New gene therapy being developed at University of Toronto could treat MS
Excerpt from the Press Release:
Canada has one of the highest rates of Multiple Sclerosis (MS) in the world — a chronic condition for which there is no cure. But a new research breakthrough at the University of Toronto has the potential to improve the lives of those living with the disease far beyond current medications.
A research team led by neuroscientist Maryam Faiz has developed a “reprogramming technology” that converts cells involved in the progression of MS in the central nervous system (CNS) into cells that promote functional recovery.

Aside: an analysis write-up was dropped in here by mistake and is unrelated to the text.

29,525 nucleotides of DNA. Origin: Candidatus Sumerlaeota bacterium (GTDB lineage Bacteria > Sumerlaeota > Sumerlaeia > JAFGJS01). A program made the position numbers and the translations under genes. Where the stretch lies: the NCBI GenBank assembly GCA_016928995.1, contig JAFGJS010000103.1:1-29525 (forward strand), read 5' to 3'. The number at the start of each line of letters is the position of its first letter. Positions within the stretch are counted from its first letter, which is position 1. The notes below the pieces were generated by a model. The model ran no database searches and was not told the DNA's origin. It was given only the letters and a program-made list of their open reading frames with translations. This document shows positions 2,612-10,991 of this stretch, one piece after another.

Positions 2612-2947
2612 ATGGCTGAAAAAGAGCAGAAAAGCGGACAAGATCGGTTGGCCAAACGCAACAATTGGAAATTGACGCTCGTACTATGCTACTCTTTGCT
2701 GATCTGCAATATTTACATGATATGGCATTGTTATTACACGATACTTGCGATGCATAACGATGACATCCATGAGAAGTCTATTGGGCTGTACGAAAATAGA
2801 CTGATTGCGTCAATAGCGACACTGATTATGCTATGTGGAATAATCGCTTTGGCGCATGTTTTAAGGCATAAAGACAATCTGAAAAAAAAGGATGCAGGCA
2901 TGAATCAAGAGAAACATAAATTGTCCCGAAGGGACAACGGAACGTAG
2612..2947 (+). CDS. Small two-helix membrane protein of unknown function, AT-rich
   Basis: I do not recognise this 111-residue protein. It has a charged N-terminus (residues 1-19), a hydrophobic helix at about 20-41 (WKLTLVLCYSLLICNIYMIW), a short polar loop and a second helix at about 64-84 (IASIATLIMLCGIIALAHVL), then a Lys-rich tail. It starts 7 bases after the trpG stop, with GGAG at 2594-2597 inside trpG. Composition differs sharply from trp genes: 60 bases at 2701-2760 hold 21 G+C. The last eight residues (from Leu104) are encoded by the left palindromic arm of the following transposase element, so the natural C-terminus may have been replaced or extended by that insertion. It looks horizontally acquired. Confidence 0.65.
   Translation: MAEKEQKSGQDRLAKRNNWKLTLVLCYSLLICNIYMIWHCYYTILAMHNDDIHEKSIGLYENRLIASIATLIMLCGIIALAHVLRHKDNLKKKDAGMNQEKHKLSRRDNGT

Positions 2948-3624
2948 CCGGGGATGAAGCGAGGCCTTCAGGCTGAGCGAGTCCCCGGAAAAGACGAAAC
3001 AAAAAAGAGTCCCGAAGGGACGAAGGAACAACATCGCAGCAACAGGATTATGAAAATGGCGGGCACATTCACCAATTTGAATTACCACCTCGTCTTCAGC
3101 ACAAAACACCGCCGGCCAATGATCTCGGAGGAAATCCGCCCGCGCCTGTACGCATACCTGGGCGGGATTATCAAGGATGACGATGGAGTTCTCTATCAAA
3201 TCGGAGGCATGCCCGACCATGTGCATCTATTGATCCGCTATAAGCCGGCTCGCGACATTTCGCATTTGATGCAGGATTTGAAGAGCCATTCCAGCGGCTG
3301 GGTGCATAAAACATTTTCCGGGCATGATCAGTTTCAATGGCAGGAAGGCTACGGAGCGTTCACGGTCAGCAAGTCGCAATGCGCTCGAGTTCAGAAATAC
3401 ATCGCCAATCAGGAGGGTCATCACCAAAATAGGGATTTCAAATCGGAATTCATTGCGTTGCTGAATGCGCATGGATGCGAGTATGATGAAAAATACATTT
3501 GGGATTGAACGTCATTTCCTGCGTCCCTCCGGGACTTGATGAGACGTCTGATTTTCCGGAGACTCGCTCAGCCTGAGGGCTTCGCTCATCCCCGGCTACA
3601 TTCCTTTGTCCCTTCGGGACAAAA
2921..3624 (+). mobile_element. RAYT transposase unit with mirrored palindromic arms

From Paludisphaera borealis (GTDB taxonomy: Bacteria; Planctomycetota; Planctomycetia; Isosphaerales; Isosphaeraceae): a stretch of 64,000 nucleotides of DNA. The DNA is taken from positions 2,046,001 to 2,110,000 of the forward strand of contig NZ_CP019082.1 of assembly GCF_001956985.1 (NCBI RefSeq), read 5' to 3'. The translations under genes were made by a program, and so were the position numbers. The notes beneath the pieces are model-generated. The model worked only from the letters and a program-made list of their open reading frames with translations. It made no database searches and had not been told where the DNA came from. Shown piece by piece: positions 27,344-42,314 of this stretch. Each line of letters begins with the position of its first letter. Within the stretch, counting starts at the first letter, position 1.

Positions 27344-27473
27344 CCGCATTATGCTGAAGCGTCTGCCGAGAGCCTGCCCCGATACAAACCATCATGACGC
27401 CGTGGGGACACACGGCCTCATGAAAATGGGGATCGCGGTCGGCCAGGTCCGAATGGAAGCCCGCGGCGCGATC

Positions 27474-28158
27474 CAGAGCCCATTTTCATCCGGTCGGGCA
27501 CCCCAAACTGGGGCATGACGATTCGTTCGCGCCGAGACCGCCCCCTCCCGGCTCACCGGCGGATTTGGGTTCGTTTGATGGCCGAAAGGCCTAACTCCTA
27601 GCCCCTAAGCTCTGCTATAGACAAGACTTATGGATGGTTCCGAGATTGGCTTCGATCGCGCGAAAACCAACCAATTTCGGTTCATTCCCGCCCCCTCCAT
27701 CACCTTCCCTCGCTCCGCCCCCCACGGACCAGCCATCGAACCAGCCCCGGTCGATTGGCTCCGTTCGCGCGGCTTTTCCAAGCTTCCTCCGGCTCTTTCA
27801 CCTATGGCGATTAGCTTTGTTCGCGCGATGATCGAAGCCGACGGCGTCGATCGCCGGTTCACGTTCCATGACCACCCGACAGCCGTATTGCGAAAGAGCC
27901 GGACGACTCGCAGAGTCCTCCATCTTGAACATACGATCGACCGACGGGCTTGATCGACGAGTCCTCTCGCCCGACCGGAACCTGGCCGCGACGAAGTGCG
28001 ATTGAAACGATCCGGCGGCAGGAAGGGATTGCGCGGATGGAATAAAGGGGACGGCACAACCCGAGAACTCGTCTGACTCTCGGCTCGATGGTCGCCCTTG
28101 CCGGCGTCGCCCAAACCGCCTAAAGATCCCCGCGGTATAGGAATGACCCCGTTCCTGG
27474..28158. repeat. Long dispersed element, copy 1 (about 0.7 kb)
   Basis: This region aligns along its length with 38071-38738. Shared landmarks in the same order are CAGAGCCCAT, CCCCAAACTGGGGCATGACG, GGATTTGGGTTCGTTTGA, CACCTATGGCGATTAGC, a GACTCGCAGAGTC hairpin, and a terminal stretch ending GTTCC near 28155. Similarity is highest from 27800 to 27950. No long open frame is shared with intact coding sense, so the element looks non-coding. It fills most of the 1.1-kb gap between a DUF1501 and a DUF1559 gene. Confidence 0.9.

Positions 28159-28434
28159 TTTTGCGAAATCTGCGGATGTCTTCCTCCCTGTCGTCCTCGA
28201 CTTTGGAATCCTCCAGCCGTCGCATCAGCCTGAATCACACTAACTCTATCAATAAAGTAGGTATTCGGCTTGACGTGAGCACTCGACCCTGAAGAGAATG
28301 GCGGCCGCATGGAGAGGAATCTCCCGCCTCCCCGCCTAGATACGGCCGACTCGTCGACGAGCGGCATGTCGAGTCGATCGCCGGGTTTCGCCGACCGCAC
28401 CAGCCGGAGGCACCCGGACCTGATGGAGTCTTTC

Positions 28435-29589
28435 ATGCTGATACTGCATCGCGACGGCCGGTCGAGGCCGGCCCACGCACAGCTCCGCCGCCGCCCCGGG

Faiz explains that there are three main types of cells in the CNS: astrocytes, oligodendrocytes and neurons.
“Astrocytes and oligodendrocytes are part of a class of cells that can make more of themselves in the brain, and neurons are static,” she says.
Oligodendrocytes produce myelin — the insulating coating that wraps around nerve cells and is really important for fast neuronal transmission or fast signalling within the brain. In some cases, some astrocytes become “neurotoxic,” attacking and degrading the myelin.
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